Chapter 5.3 Mandatory Travel Permits

Mandatory Travel Permits

ICJ Rule 8-101 governs the issuance of travel permits and requires travel permits for specific juveniles when traveling out-of-state for a period in excess of twenty-four (24) consecutive hours.  Regardless of whether supervision has been transferred, travel permits are mandatory for juveniles who have been adjudicated or have deferred adjudications and are on supervision for the most serious offenses, specifically:

  • sex-related offenses;
  • violent offenses that have resulted in personal injury or death; and
  • offenses committed with a weapon.

Travel permits are also required in some cases based on certain circumstances related to the juvenile or the travel.  Thus, travel permits are mandatory for juveniles who are:

  • state committed;
  • pending a request for transfer of supervision;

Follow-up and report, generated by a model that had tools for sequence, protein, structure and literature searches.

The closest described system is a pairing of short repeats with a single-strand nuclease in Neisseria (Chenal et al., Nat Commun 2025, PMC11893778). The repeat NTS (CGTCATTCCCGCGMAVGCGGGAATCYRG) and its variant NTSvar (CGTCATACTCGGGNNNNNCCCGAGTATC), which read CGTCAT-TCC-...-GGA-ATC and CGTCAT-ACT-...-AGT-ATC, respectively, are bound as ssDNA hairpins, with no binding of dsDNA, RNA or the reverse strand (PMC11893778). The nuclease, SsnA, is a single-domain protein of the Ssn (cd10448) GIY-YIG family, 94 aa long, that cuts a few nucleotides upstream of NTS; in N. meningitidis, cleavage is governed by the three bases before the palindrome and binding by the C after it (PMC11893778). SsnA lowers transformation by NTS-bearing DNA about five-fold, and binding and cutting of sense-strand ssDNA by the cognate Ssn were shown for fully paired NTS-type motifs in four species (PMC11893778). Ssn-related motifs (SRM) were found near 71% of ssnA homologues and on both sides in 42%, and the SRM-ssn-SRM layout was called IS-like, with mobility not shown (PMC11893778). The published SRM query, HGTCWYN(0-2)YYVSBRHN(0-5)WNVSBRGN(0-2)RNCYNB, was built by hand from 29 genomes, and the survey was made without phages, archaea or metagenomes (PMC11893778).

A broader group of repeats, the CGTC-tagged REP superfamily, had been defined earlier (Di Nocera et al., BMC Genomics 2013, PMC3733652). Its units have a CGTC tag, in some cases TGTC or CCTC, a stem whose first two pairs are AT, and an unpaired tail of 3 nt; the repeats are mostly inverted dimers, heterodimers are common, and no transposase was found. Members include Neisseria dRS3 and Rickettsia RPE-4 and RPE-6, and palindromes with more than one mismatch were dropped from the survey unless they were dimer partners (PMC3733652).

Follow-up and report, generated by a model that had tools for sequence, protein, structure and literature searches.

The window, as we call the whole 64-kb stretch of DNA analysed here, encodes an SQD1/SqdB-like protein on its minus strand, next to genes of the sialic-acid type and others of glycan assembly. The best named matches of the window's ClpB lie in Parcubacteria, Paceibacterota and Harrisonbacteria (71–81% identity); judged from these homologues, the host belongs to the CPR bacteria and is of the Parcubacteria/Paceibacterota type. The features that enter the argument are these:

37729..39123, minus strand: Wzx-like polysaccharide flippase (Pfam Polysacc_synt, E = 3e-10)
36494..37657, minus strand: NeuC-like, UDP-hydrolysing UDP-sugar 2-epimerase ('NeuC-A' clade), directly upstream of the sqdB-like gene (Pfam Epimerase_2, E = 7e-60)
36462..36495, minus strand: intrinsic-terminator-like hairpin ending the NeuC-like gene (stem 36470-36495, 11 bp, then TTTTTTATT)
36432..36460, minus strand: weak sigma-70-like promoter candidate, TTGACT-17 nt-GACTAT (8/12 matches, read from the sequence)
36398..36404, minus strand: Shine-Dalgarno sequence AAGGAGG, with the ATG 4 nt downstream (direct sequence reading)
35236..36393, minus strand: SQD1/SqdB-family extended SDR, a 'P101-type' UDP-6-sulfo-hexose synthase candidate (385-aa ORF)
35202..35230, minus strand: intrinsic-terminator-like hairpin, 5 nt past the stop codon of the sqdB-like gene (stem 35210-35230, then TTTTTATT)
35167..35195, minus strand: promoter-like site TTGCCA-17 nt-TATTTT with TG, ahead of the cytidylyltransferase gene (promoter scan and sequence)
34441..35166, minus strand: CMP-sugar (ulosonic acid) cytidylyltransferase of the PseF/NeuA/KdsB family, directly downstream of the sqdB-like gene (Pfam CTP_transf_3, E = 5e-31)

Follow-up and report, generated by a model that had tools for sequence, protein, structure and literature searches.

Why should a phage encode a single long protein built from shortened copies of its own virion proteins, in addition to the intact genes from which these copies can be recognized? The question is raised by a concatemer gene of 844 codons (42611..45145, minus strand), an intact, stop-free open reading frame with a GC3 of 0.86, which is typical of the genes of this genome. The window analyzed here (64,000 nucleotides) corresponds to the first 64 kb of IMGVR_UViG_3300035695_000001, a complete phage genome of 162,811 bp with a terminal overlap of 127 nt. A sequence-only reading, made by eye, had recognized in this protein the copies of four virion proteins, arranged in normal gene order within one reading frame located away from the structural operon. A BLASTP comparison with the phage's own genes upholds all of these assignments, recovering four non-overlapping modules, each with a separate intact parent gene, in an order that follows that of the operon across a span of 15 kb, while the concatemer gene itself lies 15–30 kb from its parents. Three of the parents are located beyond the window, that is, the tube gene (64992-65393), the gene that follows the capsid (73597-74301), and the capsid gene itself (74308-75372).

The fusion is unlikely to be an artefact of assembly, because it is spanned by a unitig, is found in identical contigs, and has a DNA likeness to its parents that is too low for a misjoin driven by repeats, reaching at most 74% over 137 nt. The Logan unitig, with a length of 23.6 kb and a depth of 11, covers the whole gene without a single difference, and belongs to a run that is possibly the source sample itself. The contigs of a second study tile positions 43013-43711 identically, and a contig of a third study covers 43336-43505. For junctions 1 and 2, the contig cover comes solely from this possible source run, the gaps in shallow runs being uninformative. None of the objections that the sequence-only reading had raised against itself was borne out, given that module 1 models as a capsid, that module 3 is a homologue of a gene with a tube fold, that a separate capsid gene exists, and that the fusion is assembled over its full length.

• returning to the state from which they were transferred for the purposes of visitation;
  • transferring to a subsequent state(s) with the approval of the original sending state; or
  • have transferred to another state and the victim notification laws, policies, and practices of the sending and/or receiving state require such notification.  Id

In some cases, travel by supervised juveniles triggers victim notification requirements.  The sending state’s supervising officer is responsible for victim notification in accordance with the laws and policies of that state. Id. at Rule 8-101(5). For more discussion regarding victim notification requirements, see discussion supra Section 3.9.